We received a total of 104 responses from all the major post-graduate training institutes of the country. A majority of the respondents were post-MS (74%) candidates, as apart from All India Institute of Medical Sciences (AIIMS), New Delhi and National Institute of Mental Health and Neurosciences (NIMHANS), Bangalore, none of the other institutions are practically admitting trainees directly after graduation. Most (91.3%) of the institutes included in the survey were government funded tertiary care referral hospitals. Among the respondents, the period of joining residency ranged from July 2010 to as late as August 2018 [Figure 1], thus reflecting the current state of residency programs in our country. The most divided opinion was on the pattern of residency. While 44% of the respondents preferred the 3-year post-MS pattern, a similar proportion (40%) preferred the post-MBBS 5 or 6-year pattern [Figure 2]. However, the majority (64.5%) believed that post-MBBS trainees need general surgery exposure and training in order to allow for the versatility of the neurosurgeons' operative spectrum to develop.
An alarming aspect of neurosurgery training in our country was the absence of official work hour regulations at the workplace with only 19% of the respondents having an official work-hour regulation. Couple this with the fact that 89.4% the respondents (>2 response Grade) felt that work hour regulations would improve the overall training experience, and we now have a strong case of some real regulations in this matter. Residents were of the opinion that, apart from more time for personal life (50%), work hour regulations would allow for more time for research and academics (62.7%) and improved efficiency at the workplace (68.6%). This is especially important as only 28.5% of the residents have a less than 80-hour week, with many (35.3%) even working for more than 100 hours per week.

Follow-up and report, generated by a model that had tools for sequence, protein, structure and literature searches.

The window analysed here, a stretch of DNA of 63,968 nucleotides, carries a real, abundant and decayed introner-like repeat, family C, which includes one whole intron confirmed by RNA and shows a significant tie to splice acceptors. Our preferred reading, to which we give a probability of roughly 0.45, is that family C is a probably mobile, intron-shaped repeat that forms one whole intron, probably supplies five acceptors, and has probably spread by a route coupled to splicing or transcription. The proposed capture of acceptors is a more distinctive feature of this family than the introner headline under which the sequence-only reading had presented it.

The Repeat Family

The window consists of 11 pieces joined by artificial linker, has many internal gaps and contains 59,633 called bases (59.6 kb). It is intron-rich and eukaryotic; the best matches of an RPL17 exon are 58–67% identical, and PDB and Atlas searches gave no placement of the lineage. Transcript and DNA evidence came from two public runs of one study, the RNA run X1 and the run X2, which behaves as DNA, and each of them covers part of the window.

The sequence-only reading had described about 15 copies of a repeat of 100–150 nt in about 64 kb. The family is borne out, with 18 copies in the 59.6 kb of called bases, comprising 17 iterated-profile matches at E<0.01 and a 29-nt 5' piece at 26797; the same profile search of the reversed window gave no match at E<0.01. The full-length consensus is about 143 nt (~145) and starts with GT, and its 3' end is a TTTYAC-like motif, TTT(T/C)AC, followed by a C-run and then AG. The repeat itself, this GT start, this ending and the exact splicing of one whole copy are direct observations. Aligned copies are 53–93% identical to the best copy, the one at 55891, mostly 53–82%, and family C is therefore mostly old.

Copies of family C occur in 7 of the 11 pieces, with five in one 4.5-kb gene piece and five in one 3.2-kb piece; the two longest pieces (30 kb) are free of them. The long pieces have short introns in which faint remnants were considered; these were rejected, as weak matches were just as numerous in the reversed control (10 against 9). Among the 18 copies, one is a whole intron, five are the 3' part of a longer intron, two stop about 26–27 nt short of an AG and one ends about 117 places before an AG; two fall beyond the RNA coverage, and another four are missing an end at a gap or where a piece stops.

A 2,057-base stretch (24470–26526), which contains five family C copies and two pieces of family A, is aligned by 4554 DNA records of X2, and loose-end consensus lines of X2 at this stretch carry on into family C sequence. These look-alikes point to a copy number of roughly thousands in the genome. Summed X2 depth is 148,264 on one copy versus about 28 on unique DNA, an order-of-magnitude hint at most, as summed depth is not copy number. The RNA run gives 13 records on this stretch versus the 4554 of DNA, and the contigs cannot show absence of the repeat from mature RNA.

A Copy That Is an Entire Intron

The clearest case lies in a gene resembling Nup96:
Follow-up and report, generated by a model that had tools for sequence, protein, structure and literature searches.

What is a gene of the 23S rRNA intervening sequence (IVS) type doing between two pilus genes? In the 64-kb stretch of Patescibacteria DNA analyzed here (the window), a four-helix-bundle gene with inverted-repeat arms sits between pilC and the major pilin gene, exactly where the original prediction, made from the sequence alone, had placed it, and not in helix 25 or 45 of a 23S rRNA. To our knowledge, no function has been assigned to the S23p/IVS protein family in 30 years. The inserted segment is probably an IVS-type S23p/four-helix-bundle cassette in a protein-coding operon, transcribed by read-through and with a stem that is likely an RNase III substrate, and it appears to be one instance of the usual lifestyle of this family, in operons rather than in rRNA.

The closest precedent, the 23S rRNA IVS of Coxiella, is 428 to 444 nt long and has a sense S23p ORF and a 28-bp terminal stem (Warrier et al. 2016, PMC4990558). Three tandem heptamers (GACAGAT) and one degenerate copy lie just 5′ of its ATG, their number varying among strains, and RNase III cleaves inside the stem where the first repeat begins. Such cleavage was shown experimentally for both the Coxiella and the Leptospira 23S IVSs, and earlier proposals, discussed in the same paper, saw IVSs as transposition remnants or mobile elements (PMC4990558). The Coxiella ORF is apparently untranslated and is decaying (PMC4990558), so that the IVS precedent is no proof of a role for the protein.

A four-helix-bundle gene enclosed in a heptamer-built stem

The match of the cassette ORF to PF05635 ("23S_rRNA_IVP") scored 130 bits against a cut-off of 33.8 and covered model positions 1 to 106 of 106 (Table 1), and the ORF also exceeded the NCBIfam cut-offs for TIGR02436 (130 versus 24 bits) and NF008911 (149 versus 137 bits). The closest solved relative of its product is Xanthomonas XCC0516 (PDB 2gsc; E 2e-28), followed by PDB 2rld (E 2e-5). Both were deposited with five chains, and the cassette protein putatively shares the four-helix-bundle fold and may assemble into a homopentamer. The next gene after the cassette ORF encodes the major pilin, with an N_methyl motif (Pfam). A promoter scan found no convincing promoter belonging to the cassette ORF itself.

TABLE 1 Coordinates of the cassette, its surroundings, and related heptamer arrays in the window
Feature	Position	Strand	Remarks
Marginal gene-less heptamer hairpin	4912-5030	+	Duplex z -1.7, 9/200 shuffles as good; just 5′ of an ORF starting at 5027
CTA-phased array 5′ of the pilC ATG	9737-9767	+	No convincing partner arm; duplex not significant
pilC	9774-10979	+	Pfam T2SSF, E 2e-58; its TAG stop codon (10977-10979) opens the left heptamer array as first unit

Majority of the residents (91.4%) agreed that clinical history taking and examination forms an important aspect of their training and helps shape them as future neurosurgeons. It was heartening to note that most of the training programs (87.5%) emphasize history taking and clinical examination skills during their training [Figure 3]. Even more, importance was placed on the pre-operative surgical planning and imaging interpretation (computed tomography [CT], magnetic resonance imaging, etc) with all of the respondents (100%) attaching a high importance to training in this aspect. Most of the programs do not have joint neuro-radiology meetings (67.3%), and in about half of the institutes (51%), the neurosurgery consultants interpret the imaging findings for them. Among the places where neuro-radiology meetings are held (31.8%), only 1% of the respondents found these very useful, raising serious questions regarding the educational value of these meetings for the residents. This means that such meetings need to be restructured taking into consideration the resident training. About 83.6% of the residents were satisfied (> Grade 3 response) with the quality of teaching with regards to imaging interpretation during their training.